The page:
In verse 15:1, Moses and the Israelites give the reason for their praise (vs. 1); they are singing because of the victory that God has given them. Israel also recognizes that God is their salvation (vs. 2). They were not delivered by an army or their own strength, but by a miraculous act of God. Israel also does something very significant in this passage; they acknowledge Yahweh not only as the God of Abraham, Isaac, and Jacob but also as their personal Lord and God. Israel is making a public, personal, and national commitment to God! In 15:11, Israel publicly acknowledges that Yahweh is unique and exclusive: there is none other like Him. The false gods of the Egyptians are seen as weak and powerless against the backdrop of Yahweh’s majesty and holiness.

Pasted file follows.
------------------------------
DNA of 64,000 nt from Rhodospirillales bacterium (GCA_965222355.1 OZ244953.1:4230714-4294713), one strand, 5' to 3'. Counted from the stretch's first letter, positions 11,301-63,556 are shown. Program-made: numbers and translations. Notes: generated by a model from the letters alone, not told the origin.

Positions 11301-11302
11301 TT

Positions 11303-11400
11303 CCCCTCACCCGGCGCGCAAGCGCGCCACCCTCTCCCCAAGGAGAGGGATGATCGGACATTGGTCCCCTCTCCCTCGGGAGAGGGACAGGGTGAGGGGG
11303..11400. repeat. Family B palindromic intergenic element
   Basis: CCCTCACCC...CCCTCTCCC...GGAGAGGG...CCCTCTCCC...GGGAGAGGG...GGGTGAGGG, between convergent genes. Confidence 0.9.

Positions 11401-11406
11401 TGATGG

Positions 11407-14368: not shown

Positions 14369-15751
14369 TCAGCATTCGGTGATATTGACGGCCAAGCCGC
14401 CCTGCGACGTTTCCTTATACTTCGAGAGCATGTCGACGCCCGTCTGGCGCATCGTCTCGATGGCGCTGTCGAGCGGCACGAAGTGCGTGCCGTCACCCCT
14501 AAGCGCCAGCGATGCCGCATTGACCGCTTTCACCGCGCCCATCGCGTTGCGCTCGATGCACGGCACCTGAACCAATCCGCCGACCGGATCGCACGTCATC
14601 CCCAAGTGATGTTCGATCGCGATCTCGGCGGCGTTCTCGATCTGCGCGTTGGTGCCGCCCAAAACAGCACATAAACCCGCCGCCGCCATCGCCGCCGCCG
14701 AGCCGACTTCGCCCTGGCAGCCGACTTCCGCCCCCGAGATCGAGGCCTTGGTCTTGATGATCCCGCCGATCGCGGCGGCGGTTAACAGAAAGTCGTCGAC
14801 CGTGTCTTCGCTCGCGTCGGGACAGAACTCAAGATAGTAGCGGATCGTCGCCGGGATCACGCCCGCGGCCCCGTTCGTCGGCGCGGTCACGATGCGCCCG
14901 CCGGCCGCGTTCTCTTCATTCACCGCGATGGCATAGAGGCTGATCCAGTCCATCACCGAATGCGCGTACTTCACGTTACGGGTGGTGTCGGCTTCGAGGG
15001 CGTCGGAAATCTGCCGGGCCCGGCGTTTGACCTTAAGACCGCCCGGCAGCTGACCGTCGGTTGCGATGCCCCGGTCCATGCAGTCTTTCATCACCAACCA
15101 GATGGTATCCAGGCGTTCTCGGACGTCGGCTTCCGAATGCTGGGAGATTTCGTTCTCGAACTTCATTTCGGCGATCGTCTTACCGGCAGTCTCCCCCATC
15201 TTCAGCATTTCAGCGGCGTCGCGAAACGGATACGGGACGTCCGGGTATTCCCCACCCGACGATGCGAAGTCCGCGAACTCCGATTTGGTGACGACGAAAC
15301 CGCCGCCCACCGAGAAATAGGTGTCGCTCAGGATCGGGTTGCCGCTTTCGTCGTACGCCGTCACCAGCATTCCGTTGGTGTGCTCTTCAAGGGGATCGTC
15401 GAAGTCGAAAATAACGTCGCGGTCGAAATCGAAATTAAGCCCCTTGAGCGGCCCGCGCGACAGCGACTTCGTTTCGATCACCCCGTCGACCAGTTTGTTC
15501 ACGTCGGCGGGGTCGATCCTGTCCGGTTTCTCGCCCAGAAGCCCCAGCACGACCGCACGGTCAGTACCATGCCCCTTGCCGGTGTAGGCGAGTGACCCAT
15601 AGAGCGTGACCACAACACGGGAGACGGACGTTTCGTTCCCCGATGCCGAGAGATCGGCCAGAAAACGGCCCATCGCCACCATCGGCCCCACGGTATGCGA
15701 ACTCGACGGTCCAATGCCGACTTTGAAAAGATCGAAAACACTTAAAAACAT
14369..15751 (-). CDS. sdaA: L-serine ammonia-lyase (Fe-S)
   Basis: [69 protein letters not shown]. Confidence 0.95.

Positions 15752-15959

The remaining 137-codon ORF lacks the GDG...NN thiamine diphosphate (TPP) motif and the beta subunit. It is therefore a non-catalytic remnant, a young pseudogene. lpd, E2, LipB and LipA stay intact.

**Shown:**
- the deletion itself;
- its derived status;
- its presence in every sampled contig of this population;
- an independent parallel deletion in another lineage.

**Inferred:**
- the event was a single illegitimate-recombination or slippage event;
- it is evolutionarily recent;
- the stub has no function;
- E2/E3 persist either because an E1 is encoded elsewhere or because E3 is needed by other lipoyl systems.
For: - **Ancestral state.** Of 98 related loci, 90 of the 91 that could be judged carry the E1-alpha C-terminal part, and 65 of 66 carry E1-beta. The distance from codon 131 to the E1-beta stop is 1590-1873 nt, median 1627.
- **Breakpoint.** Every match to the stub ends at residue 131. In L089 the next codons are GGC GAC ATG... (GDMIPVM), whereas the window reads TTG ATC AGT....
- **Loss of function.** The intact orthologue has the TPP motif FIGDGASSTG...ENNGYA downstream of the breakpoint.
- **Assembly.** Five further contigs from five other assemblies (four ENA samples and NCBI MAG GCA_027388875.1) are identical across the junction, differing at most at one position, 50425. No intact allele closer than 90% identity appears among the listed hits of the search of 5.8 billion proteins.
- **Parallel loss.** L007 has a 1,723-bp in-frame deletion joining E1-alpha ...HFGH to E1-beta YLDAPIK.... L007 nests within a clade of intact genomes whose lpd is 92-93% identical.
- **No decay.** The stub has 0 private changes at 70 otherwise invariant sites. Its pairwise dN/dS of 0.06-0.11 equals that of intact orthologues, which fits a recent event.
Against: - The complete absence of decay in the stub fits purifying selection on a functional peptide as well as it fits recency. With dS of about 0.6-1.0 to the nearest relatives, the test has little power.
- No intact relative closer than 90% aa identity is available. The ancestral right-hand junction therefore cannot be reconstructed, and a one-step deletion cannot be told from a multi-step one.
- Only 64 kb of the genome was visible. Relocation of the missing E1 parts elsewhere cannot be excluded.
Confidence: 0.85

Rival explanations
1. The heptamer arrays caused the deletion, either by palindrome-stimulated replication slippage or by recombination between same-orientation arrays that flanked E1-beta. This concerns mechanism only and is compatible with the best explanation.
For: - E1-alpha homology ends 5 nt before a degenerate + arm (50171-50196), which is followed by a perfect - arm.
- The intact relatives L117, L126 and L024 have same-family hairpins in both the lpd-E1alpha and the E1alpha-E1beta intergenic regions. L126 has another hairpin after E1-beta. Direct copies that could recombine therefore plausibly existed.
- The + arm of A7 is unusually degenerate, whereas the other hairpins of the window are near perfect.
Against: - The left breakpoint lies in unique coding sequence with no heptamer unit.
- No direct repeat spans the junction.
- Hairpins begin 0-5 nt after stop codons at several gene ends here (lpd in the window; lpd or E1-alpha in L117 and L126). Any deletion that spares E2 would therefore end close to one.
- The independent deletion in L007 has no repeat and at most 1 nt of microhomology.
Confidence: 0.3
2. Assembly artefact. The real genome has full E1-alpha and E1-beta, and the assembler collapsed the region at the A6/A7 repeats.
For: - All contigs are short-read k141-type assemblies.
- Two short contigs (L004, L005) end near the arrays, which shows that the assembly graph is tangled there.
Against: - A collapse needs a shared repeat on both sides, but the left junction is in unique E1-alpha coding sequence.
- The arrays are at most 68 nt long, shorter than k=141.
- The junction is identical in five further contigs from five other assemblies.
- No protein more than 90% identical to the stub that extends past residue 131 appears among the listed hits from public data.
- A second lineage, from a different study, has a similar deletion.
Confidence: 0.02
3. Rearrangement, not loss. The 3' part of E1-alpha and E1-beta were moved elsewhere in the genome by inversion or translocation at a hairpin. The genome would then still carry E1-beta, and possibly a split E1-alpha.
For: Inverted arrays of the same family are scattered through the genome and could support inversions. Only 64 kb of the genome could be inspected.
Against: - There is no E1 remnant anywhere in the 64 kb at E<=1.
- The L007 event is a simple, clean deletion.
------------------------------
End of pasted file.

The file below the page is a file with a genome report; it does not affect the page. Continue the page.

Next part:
Perhaps you have been discouraged like Moses when it seemed that your best efforts had failed. Or perhaps you’ve been angry like the Israelite foremen when following God’s plan seemed to land you in more trouble than you were in to start with. These are not times to give up, but rather they are times we should recall God’s promises and remember those two phrases “I AM” and “I will.” God never changes and God never breaks a promise. 

This post was originally published in the Baptist & Reflector, November 27, 2012.